While there are clearly defined course objectives for the class, Dr. Conboy said her true goal is for students to build a community with their colleagues in a way that they normally wouldn’t and to take time to stop and reflect on their personal journeys.

“We need to equip our medical students with the tools to deal with the pain and stressors of the medical field just as much as we need to teach them the science of medicine,” she said.

Medical humanities course objectives

The medical humanities course aims to:

  • improve observation and communication skills and tolerance for ambiguity through the close examination and discussion of literature and visual art;
  • develop greater compassion and empathy by working with various populations in non-clinical settings allowing people to be seen as more than just their illness or disease;
  • enhance history taking skills by listening to and documenting a community member’s “story”
    increase self-awareness about one’s emotions, assumptions, thought process and behavior patterns through reflective writing exercises and small group discussions, and;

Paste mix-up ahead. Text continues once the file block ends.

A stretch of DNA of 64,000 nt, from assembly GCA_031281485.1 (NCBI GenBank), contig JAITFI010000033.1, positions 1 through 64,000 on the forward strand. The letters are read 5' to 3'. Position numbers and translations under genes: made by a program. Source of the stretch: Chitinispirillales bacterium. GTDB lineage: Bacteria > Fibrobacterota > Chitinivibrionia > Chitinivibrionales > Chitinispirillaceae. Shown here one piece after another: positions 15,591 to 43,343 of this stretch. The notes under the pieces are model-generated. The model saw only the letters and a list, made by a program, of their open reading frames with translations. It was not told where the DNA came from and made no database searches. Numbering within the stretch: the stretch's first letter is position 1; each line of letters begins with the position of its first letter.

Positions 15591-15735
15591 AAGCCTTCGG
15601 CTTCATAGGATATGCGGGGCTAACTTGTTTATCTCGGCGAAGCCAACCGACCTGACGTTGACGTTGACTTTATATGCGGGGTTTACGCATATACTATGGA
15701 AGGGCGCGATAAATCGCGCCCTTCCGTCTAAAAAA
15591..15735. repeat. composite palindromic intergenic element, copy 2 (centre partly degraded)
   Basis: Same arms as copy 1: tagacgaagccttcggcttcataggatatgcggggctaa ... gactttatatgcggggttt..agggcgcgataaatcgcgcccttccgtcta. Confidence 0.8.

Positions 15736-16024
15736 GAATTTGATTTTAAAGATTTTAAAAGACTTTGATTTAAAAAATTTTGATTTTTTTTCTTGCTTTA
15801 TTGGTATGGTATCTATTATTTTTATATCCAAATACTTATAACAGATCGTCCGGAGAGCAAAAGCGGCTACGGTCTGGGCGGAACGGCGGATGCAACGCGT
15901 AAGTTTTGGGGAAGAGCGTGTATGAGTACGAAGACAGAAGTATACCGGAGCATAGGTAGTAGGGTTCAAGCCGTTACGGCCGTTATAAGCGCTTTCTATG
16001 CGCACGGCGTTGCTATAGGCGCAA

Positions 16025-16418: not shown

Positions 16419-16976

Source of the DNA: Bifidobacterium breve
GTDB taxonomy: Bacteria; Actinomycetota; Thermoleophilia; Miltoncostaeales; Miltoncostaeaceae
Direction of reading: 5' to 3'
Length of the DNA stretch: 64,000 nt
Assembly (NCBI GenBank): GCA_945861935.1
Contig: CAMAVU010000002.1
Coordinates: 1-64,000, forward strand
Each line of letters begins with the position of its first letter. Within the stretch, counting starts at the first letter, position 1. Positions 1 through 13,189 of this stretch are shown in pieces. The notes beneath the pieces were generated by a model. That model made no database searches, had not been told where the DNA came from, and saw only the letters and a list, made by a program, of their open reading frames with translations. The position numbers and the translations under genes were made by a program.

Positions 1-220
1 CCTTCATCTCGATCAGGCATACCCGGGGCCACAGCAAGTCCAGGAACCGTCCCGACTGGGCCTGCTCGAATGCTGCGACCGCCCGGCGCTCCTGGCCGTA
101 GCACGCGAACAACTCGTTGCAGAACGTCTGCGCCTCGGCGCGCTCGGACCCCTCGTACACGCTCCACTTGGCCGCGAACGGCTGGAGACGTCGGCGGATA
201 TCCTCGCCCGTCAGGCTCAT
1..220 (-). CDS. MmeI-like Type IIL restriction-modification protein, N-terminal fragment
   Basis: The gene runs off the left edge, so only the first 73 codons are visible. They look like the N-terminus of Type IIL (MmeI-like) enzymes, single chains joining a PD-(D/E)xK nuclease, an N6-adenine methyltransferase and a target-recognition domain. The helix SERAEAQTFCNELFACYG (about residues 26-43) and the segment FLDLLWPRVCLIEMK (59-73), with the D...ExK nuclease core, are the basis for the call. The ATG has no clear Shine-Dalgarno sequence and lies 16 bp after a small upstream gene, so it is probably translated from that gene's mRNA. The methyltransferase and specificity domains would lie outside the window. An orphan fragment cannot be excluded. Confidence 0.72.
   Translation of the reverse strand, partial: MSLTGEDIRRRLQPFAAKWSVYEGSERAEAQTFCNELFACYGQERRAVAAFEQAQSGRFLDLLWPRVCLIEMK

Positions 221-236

• develop a greater appreciation for the perspectives of others and for one’s biases through various creative experiences.

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  • About PCOM South Georgia

    Philadelphia College of Osteopathic Medicine (PCOM) extended its commitment to the Southeast by establishing PCOM South Georgia, an additional teaching location in Moultrie, Georgia. PCOM South Georgia offers both a full, four-year medical program leading to the Doctor of Osteopathic Medicine (DO) degree and a Master of Science in Biomedical Sciences degree. PCOM is a private, not-for-profit institution which trains professionals in the health and behavioral sciences fields. Joining PCOM Georgia in Suwanee in helping to meet the healthcare needs of the state, PCOM South Georgia focuses on educating physicians for the South Georgia region. The medical campus, which welcomed its inaugural class of medical students in August 2019, has received accreditation from the American Osteopathic Association's Commission on Osteopathic College Accreditation. For more information, visit or call 229-668-3110.